RDR: FSA outlaws commission on GPPs in favour of ‘consultancy charging’

Commission on group personal pensions is to be outlawed by the FSA, which will require advisers to agree charges with employers under a process called ‘consultancy charging’.

Today’s FSA consultation paper, CP09/31, Delivering the Retail Distribution Review: Professionalism, Corporate Pensions, proposes an end to the current commission-based system of adviser and employee benefit consultant remuneration in the GPP market. The regulator says consultancy charging will apply regardless of whether the end investor, the employee, receives advice personally.

In the consultation paper consultancy charging replaces the concept of ‘arranger charging’, which was first mooted in CP09/18 earlier this year.

The FSA proposes that the adviser’s services could include advice to the employer on choosing a scheme provider, assistance in processing scheme actions, such as salary deductions or distributing key features and other documents to employees, as well as advice to employees – for example, about investment fund choices or contribution levels. Where an employee does not take up an offer of pre-arranged advice, no advice charge would be made.

The FSA says it was not swayed by arguments that there was no market failure in the group pensions sector, arguing that the “current commission-based market model is not sustainable. Those product providers offering initial commissions are subsidising these payments from their own funds, and, if scheme and member persistency levels continue to be poor, will not achieve economic returns on their GPP business.” The CP refers to group personal pensions, group stakeholders and group Sipps collectively as GPPs.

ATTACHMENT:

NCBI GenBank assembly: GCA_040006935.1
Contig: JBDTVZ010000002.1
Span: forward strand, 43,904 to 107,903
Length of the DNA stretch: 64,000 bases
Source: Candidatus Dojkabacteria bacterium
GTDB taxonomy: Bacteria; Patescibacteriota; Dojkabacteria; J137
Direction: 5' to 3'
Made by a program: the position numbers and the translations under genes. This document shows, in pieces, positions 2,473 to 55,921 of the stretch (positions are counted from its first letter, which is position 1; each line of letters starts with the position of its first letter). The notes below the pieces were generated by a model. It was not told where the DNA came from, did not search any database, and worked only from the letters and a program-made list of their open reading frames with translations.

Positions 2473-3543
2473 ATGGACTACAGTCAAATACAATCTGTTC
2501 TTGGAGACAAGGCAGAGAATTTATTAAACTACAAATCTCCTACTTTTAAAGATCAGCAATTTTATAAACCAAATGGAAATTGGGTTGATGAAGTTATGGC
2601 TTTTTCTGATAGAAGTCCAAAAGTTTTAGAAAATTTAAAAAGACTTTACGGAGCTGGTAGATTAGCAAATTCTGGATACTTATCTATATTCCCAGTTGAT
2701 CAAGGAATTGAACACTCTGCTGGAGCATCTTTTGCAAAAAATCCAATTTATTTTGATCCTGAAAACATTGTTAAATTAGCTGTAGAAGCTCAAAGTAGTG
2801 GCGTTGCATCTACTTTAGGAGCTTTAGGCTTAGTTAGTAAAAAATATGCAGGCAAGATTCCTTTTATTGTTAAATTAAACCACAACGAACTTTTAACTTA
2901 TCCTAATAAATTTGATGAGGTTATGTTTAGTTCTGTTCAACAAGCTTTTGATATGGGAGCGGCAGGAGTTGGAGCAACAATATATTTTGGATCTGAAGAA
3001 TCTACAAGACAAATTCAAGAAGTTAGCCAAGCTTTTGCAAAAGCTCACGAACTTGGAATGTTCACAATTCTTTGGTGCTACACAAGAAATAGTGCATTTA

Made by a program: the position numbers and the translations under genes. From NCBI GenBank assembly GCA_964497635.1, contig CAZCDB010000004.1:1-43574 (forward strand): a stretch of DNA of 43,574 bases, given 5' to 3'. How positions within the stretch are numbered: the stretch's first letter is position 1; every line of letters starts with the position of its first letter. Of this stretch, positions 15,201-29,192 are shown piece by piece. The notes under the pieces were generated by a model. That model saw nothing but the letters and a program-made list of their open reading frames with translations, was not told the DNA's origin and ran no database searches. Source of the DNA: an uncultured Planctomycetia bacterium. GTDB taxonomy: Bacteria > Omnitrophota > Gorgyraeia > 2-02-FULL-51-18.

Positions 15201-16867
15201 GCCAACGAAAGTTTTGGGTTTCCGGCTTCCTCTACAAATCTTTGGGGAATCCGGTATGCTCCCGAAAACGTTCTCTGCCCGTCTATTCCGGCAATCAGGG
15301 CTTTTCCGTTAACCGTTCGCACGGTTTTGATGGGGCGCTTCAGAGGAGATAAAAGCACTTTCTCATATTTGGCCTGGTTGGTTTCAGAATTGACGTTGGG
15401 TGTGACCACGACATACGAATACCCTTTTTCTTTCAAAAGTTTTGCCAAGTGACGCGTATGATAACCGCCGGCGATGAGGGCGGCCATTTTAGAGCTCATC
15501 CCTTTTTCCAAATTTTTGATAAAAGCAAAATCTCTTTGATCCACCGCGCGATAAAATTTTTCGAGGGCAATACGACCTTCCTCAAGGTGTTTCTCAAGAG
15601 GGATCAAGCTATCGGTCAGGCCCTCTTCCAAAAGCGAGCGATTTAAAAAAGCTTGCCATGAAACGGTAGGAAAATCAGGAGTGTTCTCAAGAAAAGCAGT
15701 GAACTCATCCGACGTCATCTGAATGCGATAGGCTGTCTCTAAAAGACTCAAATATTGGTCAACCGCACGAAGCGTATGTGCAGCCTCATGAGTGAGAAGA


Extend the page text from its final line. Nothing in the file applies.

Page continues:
The FSA also argues that the fact that GPP new business is concentrated in a handful of providers that pay initial commission indicates that commission bias exists.

The FSA rejected suggestions that factoring of initial consultancy charges should be allowed, arguing that it would rather see a competitive market based on product terms and quality of service, and because it could infringe competition law. However, commission arrangements on existing GPPs already in place need not be disturbed.

The FSA will publish its policy statement and final rules implementing consultancy charging in the contract-based corporate pensions market in the third quarter of 2010, about six months after the main RDR adviser charging proposals, which relate to individual advice, which are expected in the first quarter of 2010.

Aviva has welcomed the principle of consultancy charging but is warning the FSA to carefully consider the differences in the GPP market to individual pensions.

Director of distribution development Steve Gay says: “We would caution that the group market is very different in purchase motivation and customer engagement to the individual market, and any changes need to take this into consideration.”